Each projectile has precision guidance provided by internal global positioning and inertial sensors, and bursts of LRLAPs could in theory be fired over a minute following different ballistic trajectories that cause them to land all at the same time. Enlarge / A Lockheed Martin image of the LRLAP. Lockheed Martin won the competition to produce the LRLAPs, and the company described their capabilities thusly: 155mm LRLAP provides single strike lethality against a wide range of targets, with three times the lethality of traditional 5-inch naval ballistic rounds—and because it is guided, fewer rounds can produce similar or more lethal effects at less cost. LRLAP has the capability to guide multiple rounds launched from the same gun to strike single or multiple targets simultaneously, maximizing lethal effects. The "less cost" part, however, turned out to be a pipe dream. With the reduction of the Zumwalt class to a total of three ships, the corresponding reduction in requirements for LRLAP production raised the production costs just as the price of the ships they would be deployed to soared.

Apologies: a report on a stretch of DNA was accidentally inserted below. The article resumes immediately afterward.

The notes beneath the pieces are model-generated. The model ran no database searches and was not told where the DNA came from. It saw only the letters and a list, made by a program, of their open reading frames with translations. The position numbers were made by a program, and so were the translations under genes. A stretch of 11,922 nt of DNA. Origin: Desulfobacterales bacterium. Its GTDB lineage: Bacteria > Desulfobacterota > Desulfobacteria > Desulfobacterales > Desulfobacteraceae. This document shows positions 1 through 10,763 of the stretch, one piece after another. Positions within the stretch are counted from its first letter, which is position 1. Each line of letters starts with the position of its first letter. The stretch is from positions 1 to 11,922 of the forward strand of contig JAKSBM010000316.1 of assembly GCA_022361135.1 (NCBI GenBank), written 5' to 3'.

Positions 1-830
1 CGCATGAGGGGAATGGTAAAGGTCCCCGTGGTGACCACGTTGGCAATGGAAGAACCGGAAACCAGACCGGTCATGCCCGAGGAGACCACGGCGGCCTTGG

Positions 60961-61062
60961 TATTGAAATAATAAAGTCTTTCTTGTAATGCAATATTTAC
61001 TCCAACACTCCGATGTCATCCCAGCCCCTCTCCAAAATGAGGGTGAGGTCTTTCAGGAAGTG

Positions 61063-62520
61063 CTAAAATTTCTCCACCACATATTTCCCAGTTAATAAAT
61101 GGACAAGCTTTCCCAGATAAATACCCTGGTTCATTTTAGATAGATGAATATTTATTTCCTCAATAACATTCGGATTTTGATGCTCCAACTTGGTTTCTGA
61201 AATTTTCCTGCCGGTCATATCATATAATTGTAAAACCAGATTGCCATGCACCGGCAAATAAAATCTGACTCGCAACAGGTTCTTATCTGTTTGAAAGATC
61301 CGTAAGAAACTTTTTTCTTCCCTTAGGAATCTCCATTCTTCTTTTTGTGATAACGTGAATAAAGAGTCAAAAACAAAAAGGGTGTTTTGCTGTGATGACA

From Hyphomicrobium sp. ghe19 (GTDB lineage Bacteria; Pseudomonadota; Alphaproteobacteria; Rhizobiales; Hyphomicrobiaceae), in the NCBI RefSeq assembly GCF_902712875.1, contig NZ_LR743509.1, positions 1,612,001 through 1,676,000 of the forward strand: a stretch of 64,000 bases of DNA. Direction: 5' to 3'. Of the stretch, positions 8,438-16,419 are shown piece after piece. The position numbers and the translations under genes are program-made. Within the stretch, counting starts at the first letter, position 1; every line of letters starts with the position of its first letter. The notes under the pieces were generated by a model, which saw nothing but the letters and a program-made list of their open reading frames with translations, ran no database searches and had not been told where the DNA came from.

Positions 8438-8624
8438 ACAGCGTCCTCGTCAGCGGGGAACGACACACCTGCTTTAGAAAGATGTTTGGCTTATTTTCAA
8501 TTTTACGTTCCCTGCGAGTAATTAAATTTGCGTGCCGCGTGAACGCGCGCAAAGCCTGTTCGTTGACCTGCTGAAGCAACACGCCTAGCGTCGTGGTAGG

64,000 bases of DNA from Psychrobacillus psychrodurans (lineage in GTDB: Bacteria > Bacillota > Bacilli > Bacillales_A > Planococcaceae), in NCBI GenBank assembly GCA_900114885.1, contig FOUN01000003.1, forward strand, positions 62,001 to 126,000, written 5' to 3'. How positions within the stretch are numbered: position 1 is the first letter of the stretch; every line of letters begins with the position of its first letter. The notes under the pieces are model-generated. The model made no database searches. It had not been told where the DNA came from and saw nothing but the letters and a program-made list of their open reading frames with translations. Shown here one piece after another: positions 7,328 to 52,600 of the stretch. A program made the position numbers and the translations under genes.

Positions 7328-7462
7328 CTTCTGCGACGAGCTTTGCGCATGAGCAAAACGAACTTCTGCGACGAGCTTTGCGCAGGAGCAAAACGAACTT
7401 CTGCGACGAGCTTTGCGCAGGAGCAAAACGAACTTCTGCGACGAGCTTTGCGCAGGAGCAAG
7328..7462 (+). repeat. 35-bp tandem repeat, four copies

Defense News reports that the Navy is canceling production of the LRLAP because of an $800,000-per-shot price tag—more than 10 times the original projected cost.

By comparison, the nuclear-capable Tomahawk cruise missile costs approximately $1 million per shot, while the M712 Copperhead laser-guided 155-millimeter projectile and M982 Excalibur GPS-guided rounds cost less than $70,000 per shot.

Traditional Navy 5-inch shells cost no more than a few hundred dollars each. In theory, the Army's Copperhead or Excalibur rounds could be adapted to the AGS, because the gun is the same bore-size and is essentially a sea-based howitzer—it fires at a higher angle than previous naval guns and is designed strictly for firing at land targets.

The Excalibur has been used successfully in combats against targets more than 20 miles away.

The Navy is reportedly looking at the Excalibur as one option, as well as the Hyper Velocity Projectile (HVP)—a projectile being developed by BAE Systems under contract with the Office of Naval Research for use both in traditional powder-fired guns and a future Navy electromagnetic railgun system. In the long run, the HVP will likely win out—that is, if the Zumwalt is successfully fitted with a railgun.

The ship’s all-electric design was created with the intention of being compatible with high-energy electrical weapons (like railguns) once they're generally available, and the HVP would be the obvious next step.